Wednesday, February 14, 2007

Chicago's Deep Tunnel

How could I live in Chicago at one point and not know that there were 109 miles of tunnels being built under it? Not just small tunnels, but big ones, 9 to 33 feet in diameter. It’s all part of the Tunnel and Reservoir Plan (TARP) also known as “The Deep Tunnel”. It is pretty deep, as much as 350 feet below the surface, excavated through limestone since the 1970’s using similar equipment to the machines that drilled the Chunnel between the UK and France. But this tunnel system does not transport people. It carries and stores sewage and storm water overflow from the area to reservoir sites until water treatment plants can catch up with the peak flow during big storms.

It’s curious to me to read different descriptions of the project. The Metropolitan Water Reclamation District of Greater Chicago who runs the Deep Tunnel thinks it’s the best thing ever, and touts all the engineering awards it has won. Most of the $4 billion in funding has come from the EPA, and the project has helped improve the water quality of Lake Michigan and the Chicago River by keeping storm runoff from going directly into those bodies of water. Chicago has a mixed sewage and storm water system (like many cities) so that means sewage isn’t overflowing into the river or lake as well.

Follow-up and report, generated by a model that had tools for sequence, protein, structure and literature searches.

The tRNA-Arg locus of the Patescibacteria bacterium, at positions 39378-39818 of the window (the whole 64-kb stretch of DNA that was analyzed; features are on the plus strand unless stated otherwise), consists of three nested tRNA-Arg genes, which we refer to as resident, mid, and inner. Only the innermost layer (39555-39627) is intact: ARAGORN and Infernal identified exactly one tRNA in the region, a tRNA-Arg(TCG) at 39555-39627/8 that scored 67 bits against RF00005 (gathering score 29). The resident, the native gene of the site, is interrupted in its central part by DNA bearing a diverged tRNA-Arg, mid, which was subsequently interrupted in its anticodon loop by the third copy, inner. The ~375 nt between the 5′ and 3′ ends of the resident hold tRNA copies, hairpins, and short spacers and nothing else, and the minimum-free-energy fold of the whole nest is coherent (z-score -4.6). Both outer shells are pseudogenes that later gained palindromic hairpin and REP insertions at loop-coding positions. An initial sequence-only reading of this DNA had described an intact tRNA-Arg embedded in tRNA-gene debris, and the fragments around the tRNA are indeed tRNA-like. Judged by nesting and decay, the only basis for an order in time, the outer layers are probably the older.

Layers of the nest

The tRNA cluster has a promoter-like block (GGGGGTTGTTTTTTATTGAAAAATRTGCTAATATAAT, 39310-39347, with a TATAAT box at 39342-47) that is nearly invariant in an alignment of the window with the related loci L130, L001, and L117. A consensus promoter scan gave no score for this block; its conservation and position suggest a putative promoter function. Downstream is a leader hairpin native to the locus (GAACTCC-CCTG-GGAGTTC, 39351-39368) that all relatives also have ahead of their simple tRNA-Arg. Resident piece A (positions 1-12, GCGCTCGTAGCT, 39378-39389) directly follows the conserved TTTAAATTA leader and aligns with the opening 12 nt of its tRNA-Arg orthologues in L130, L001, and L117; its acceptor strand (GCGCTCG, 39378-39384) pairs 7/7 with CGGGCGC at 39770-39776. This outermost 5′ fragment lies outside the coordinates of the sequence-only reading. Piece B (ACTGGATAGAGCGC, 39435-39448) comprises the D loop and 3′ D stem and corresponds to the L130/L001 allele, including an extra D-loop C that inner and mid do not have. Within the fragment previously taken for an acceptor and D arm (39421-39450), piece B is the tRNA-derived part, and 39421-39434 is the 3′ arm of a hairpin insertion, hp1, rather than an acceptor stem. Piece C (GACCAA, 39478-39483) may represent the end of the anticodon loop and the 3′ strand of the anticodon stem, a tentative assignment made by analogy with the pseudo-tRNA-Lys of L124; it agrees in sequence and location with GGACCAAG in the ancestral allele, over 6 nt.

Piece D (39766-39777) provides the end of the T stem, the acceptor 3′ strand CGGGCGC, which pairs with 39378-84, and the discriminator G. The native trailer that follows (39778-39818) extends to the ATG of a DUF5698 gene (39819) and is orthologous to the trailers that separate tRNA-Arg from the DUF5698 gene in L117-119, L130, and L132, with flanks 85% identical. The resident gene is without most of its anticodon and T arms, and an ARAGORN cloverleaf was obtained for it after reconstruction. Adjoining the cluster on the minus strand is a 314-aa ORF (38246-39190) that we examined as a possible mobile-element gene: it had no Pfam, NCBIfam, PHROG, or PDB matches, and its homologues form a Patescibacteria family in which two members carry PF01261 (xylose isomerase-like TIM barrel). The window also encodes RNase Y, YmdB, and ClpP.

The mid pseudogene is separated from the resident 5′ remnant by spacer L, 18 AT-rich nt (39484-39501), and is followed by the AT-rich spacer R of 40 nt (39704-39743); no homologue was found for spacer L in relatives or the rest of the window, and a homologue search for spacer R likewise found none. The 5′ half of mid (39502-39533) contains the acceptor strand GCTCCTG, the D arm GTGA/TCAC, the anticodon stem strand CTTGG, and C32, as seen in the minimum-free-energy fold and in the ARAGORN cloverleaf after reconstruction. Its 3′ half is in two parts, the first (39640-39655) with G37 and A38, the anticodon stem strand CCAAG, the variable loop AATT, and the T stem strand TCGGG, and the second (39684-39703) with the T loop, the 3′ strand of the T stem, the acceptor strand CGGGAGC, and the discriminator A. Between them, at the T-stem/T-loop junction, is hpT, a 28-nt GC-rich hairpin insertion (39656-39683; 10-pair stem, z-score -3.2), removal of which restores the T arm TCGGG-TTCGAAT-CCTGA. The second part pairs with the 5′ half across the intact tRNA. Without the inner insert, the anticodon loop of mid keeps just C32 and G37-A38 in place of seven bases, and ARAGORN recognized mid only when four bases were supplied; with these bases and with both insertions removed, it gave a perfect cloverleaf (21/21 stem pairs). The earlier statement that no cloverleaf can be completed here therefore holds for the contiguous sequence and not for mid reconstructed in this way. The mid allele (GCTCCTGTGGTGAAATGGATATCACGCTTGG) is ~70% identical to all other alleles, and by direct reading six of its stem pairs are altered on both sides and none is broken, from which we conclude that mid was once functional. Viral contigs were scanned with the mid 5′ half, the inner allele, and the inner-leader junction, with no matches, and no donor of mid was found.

What I don’t like about the project is that it’s such an energy intensive/ engineering intensive solution. That’s such a 1950’s way of thinking to me (although I guess this did start in the 1970’s). Not only do you have to build and maintain all of the tunnels and reservoirs, but there must be some huge pumps to pull the water back up from 350 feet down and treat it. Hopefully future projects to deal with runoff in Chicago incorporate more greenroofs, bio-swales, reduced permeability of surfaces, etc. You know, Portland stuff.

Then we’ll have to think of some NEW use for the Deep Tunnel. Fresh water storage for drought? Future “L” routes? Underground linear museum? What else?


Levi said...

Bob and I have been Deep Tunnel fans for a long, long time. I agree with your criticisms, but the sheer scale of it, bordering on ridiculous, and the very name combine to make me a fan. I think there's a permanent staff that lives down there and never sees the sun.

Anonymous said...

Wow even suggesting a portland solution is a joke the idea with the deep tunnel is not just storage of waste water it is an alternative to running an all new isolated sanitary system in the city. There is no room in those streets for more or new pipes and the cost would be huge because of existing utilities. Also Portland is tiny when compared to Chicago with different soils and geology. The amount os population density is much greater and a tree hugger green system would be unreliable and wouldn't work with such huge volumes of waste per square mile. Add to that that the tunnels help divert water away from streams and rivers like the Desplains which would flood more often with out it and your dealing with forces far beyond a green answer. The deep tunnel is a green answer it keeps waste out of the rivers many of which move slow through the mostly flat saturated chicago landscape.